Ralph Nader’s scheme for a Connecticut tort law museum

by Walter Olson on August 20, 2013

We have occasionally posted (here, here, and here) about the lawyer advocate’s longstanding plan for a museum in his home town of Winsted, Connecticut, dedicated to the praise and glorification of the American tort law system. The project has now dragged on fitfully through many years of economic stagnation, unexpectedly costly environmental remediation, changes of venue, and community suspicion (“a lot of empty promises”, one resident puts it), which may function as some kind of metaphor, no? [Torrington Register Citizen, Connecticut Law Tribune]

{ 7 comments }

1 wfjag 08.20.13 at 12:23 pm

Other than appearing clueless during a SNL skit when he was given a blow-up party doll to hold, can you tell me anything he has done that can be counted as a positive contribution?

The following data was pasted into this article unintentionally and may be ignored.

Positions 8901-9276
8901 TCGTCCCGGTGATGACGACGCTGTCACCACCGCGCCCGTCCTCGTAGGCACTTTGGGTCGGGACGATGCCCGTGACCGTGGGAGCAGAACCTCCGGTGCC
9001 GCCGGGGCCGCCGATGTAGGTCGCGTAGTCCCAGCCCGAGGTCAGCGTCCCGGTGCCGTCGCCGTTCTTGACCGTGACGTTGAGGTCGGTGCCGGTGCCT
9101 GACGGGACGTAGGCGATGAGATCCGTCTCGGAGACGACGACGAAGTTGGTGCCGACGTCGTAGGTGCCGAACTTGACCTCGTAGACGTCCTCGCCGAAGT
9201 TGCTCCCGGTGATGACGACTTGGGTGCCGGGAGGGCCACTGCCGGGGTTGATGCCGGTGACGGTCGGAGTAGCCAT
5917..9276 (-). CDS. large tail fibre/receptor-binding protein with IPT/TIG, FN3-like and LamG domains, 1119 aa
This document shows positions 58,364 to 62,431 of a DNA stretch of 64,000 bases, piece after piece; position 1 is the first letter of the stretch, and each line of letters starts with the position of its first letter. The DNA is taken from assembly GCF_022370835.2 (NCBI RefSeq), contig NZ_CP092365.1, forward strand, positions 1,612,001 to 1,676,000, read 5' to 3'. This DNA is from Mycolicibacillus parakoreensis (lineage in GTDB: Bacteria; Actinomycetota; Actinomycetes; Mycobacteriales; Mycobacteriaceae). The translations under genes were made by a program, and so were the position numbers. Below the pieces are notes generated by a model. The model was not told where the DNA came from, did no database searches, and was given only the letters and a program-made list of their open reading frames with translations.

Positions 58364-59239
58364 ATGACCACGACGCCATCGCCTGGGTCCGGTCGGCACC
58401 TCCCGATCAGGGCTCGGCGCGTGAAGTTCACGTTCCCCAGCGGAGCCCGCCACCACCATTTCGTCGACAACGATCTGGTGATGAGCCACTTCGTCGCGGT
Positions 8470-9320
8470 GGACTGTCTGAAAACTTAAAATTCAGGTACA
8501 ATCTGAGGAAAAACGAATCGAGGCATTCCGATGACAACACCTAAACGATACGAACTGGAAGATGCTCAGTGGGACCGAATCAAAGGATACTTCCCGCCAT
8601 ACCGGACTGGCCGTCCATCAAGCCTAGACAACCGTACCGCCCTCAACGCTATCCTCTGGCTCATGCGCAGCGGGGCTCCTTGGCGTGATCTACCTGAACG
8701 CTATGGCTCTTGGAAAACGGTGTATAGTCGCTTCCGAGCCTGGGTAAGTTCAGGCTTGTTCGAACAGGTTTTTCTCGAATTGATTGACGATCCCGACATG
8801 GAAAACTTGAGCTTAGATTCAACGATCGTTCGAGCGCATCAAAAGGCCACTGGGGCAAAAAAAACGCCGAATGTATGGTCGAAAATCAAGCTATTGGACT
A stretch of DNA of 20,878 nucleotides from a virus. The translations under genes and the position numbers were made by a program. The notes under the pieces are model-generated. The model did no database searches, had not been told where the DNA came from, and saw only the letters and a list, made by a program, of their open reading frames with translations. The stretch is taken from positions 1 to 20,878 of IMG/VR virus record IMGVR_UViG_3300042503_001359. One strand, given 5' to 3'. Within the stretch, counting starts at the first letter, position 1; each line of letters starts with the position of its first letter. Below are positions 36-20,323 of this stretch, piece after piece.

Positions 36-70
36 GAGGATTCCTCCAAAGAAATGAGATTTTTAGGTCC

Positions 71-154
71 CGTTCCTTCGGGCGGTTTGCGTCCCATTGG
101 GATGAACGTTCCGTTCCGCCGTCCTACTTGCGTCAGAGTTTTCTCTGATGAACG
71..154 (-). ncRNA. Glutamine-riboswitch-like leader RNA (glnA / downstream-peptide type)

2 Citizen Zen 08.20.13 at 2:06 pm

Let’s give credit where credit is due:
Thank you for so many things, Ralph
Ralph Nader’s Record of Accomplishments
Instrumental in the passing of the following legislation:
National Automobile and Highway Traffic Safety Act (1965)
Clean Water Act (1968)
Clean Air Act (1970)
Co-Op Bank Bill (1978)
Law establishing Environmental Protection Agency (1970)
Consumer Product Safety Act
Foreign Corrupt Practices Act
Mine Health and Safety Act
Whistleblower Protection Act
Medical Devices safety
Nuclear power safety
Mobile home safety
Consumer credit disclosure law
Pension protection law
Funeral home cost disclosure law
Tire safety & grading disclosure law
Wholesome Meat Act
Natural Gas Pipeline Safety Act
Federal Coal Mine Health and Safety Act